I know these things. I know the biopsy is crucial to determining what kind of tumour we’re dealing with, and I know that early removal and follow-up treatment is crucial for the long-term prognosis.
But here’s the thing. My good Brindle Dog doesn’t even know she’s sick yet. She is a twelve-year-old Dutch Shepherd who is aging well. Despite her cataracts and her gradual hearing loss and her general slowing-down, she still believes she is in the prime of her life. She hasn’t noticed the tumour. Sure, she needs a boost to get into the car and sometimes she stumbles on stairs or in the dark, but she takes it in stride and just keeps trying. She is always willing to chase a stick and bark at a squirrel and fling herself onto the floor for a belly rub. Sure, the flinging is a little more careful, and she gets tired more quickly during the stick-chasing, but the point is that she wants to and is able to play. Her tail still wags a mile a minute. She is HAPPY.
But if I decide to take her in for the biopsies, then basically her life starts ending now. Now would be when the pain starts, and the fear, and the abandonment at the vet clinic. The stress and anxiety. Stitches and recovery and drains and the Cone of Shame. If it is indeed a mast cell tumour (which seems quite likely from the cytology report), then we are going to have to remove this lump from her thigh. The part I can feel is not quite as big as half a golf ball. But who knows what’s underneath? Is it a neat round ball? Or is it tentacled? How much thigh will she have left once the minimum 2cm—preferably 3cm—margin of tissue around the perimeter of the lump is removed?
How, then, will she chase a stick?
The Brindle Dog is twelve years old. She is happy. She doesn’t know yet that she is sick. Her tail is usually wagging. She is fully engaged with her own life, with me and the Fluffy Dog and the cats and the other people who live in this house, and our guests, and the neighbourhood. She has her habits and routines and preferences.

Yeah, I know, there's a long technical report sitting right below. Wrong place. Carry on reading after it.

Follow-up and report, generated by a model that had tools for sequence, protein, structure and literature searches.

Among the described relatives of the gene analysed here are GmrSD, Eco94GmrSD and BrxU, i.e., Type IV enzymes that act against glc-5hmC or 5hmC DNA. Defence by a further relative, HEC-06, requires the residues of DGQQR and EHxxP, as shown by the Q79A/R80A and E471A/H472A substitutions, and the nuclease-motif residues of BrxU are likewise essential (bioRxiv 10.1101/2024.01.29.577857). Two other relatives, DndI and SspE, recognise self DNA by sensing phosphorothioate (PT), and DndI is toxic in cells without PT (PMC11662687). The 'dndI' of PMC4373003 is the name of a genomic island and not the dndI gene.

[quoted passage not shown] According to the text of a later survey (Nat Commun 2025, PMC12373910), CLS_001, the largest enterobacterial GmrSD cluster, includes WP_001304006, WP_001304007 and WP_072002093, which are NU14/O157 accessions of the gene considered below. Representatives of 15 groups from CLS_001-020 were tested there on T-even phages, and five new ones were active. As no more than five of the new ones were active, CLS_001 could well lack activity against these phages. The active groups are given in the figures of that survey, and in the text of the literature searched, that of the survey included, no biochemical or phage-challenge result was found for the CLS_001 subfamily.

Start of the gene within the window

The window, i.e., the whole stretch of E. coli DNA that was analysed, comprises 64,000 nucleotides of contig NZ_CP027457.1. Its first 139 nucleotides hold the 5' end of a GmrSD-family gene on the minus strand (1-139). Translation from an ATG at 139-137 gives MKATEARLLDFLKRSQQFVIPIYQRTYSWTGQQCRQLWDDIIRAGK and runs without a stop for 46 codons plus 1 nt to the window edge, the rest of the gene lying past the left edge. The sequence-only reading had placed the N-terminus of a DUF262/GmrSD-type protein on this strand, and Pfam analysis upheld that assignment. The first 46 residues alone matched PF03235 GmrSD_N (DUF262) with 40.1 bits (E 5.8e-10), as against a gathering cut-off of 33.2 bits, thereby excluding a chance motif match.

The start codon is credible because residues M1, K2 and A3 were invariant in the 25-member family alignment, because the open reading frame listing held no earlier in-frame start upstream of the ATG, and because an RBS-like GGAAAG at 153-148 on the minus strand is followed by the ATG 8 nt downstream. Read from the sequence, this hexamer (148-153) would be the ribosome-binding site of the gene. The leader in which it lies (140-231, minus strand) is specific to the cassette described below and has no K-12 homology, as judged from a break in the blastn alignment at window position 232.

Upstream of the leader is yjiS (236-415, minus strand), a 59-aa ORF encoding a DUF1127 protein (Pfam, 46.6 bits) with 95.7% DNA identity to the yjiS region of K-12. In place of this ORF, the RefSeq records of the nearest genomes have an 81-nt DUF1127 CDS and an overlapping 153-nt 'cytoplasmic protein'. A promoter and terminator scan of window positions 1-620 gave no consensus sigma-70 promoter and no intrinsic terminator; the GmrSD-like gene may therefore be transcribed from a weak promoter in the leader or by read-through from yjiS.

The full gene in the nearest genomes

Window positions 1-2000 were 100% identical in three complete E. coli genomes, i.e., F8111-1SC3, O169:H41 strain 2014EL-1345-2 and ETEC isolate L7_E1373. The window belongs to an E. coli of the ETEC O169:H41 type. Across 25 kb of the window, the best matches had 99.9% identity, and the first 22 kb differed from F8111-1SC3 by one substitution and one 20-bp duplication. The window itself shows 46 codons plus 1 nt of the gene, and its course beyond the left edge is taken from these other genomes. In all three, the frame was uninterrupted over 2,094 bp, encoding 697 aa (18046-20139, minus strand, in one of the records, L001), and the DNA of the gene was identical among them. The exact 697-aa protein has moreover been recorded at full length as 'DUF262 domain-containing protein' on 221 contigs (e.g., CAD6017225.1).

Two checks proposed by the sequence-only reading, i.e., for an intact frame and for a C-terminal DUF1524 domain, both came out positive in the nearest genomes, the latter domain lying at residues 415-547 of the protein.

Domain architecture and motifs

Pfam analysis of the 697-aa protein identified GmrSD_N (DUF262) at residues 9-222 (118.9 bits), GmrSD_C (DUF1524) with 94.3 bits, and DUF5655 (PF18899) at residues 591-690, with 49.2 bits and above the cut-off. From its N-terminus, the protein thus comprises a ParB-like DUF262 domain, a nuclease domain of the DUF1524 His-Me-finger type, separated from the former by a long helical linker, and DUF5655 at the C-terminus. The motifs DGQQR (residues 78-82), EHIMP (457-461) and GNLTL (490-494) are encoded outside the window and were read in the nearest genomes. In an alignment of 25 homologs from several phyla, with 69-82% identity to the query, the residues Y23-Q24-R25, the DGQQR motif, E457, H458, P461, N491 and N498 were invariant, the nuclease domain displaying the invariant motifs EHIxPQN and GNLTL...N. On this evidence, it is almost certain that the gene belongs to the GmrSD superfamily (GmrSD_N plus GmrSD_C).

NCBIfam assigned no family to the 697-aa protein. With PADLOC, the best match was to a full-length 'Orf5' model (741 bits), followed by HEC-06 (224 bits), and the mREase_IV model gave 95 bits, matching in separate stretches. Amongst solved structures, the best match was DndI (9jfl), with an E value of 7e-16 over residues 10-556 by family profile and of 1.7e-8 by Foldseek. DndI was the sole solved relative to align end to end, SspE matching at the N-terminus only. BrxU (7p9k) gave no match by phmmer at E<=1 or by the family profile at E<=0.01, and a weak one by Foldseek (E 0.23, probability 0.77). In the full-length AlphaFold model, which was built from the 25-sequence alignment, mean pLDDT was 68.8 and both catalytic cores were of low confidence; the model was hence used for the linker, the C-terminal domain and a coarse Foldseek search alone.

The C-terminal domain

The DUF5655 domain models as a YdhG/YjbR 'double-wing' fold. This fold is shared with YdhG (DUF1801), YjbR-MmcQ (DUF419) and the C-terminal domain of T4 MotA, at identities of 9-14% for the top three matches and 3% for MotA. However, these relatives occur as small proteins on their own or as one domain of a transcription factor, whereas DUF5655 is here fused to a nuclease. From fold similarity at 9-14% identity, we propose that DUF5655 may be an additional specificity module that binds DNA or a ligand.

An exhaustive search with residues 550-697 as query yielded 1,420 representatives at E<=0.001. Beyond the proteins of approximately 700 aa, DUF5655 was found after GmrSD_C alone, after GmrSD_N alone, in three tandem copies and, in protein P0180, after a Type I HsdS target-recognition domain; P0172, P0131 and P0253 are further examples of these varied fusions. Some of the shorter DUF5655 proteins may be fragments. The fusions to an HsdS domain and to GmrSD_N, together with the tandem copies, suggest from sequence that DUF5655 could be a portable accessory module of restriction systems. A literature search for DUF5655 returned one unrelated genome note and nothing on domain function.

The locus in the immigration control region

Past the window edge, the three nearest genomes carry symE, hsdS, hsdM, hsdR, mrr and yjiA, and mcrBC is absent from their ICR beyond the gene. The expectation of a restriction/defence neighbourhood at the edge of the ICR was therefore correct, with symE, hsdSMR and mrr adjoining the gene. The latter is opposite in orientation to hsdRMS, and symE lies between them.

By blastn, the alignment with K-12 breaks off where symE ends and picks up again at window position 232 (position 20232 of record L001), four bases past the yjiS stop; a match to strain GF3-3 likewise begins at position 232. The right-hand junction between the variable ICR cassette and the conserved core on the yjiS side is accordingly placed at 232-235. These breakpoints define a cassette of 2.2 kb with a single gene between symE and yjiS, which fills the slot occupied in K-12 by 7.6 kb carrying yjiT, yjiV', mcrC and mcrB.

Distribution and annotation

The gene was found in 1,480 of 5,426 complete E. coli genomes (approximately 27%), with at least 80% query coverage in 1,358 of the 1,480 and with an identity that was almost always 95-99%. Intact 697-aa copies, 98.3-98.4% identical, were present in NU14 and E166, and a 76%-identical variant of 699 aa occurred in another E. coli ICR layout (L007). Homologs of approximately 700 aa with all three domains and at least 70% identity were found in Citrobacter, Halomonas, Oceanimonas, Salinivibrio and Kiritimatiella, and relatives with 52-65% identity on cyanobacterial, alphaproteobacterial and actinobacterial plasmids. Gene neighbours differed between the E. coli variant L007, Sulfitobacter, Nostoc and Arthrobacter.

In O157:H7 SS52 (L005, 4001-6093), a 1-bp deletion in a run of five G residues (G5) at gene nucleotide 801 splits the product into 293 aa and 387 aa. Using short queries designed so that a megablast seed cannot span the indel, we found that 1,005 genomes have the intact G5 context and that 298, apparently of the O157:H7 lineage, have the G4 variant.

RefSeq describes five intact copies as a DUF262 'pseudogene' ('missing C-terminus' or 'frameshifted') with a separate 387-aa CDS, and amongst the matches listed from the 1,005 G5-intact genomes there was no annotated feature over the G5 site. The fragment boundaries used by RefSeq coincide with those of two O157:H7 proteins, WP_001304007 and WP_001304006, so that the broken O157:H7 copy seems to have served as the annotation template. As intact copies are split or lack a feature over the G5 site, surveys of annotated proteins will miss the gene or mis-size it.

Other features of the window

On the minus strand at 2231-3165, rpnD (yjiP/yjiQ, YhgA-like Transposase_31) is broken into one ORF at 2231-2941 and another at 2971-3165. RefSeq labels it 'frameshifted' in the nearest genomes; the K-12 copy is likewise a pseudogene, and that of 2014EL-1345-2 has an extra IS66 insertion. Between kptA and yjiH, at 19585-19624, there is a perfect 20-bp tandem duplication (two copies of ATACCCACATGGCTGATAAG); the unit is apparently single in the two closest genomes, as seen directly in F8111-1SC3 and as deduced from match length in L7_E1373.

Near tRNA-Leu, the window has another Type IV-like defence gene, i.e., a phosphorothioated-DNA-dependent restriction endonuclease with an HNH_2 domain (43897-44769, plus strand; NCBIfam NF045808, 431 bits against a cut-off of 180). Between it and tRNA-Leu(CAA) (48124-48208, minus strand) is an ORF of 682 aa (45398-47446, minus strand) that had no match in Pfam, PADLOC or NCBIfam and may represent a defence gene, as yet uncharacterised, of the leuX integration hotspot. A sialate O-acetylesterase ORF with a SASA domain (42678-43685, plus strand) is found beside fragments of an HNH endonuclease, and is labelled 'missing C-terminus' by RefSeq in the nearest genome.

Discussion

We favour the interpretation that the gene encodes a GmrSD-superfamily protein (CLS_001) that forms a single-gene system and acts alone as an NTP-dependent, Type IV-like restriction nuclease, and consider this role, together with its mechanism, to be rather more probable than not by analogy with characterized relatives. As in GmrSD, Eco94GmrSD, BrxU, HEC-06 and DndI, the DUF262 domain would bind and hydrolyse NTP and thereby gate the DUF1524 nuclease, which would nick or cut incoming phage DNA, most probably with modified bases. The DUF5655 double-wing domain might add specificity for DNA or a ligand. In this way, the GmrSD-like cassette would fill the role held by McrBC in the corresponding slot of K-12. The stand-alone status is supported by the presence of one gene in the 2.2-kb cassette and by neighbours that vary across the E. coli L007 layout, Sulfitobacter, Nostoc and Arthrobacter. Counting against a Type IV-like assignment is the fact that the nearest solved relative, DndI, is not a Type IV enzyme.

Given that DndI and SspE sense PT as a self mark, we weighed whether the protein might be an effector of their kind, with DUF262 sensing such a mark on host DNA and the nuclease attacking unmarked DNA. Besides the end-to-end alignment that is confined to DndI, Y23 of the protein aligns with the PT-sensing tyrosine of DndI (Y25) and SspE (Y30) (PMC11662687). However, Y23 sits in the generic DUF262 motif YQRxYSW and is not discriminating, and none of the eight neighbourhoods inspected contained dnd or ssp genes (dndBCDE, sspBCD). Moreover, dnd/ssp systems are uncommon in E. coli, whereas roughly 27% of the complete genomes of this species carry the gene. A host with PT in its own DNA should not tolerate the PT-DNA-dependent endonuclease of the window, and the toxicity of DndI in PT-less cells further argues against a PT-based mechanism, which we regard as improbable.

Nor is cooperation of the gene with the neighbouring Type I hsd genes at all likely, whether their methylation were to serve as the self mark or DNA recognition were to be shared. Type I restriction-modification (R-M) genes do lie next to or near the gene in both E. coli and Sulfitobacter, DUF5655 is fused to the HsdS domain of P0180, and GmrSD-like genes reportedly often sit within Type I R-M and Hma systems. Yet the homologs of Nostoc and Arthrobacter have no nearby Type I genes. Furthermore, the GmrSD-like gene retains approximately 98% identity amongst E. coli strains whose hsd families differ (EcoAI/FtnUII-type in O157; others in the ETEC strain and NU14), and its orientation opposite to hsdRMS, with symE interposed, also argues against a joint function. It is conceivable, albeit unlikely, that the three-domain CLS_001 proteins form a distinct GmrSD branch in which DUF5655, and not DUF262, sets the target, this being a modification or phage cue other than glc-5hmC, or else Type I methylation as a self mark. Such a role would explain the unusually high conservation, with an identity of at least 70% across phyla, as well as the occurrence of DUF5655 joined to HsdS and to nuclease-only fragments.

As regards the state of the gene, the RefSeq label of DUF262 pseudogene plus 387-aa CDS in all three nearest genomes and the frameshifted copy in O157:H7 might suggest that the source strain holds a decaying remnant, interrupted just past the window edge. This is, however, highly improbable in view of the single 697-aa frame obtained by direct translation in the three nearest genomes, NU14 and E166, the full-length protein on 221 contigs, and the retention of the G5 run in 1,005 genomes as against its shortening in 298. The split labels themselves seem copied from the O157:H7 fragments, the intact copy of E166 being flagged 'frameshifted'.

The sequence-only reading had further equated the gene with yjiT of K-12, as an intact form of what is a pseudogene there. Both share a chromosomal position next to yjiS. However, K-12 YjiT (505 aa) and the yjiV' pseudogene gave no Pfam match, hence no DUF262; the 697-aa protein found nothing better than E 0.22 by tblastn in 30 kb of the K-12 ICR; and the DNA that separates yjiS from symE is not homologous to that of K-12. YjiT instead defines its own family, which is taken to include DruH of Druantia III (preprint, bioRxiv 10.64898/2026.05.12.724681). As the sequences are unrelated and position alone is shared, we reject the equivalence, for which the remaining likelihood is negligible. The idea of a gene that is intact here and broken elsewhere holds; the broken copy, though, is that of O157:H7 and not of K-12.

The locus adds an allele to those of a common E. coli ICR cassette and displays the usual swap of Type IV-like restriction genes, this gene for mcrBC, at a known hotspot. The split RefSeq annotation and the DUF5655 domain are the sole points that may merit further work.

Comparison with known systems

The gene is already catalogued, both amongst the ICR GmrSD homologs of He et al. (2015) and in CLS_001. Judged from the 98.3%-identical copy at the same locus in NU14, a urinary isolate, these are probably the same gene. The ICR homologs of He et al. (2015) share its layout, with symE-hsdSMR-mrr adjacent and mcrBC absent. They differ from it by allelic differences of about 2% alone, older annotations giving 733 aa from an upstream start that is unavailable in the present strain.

She is getting old. Her dwindling eyesight and hearing mean that she gets more easily anxious. She has always wanted to be close to her humans, but now she is more nervous about being away from me. She needs more reassurance after loud noises or unexpected events. She now has to depend on the Fluffy Dog to alert her about distant noises, which means her role is changing. It’s my job to take care of her and help her navigate these changes.
I don’t want her to live as long as possible. I want her to live as well as possible.
So after discussing it with my ex (who was always, everything else aside, a good and loving papa to the animals), and after consulting with my own heart and instincts, I have decided not to do any invasive interventions. Not to do any interventions at all, actually.
Right now, she is happy. And when she starts getting sick, there is a lot we can do for her. My vet is on board with the plan to simply provide the absolute best palliative care. As soon as the Brindle Dog becomes symptomatic, we will jump in and address them. And meanwhile, I am trying to get in to see Dr. Linda Hamilton for some advice on supporting my old girl’s health starting right now. Because I have declined to do a more thorough investigation into the nature and extent of the problem, I don’t know how much time the Brindle Dog has left. It could be six weeks, but it could also be a couple of years. But because she is still doing so well, I am hopeful.
I’m a mess, of course. Sometimes I just start crying out of the blue, and most of the time I am distracted and kind of absent. I try hard not to cry around the Brindle Dog, because it upsets her, so that’s a little tricky. But I am no longer second-guessing myself. I know right down in my cells that this is the right course of action for her. To paraphrase Trooper, she’s here for a good time now, not a long time.
Right now, she’s happy. She’s having a good time. And I’m going to do my best to keep it that way until the day I hold her close while she is helped gently into the kind darkness that waits for all of us.
(Edited 01 March 2016 to fix a couple of typos and straighten out some crooked wording.)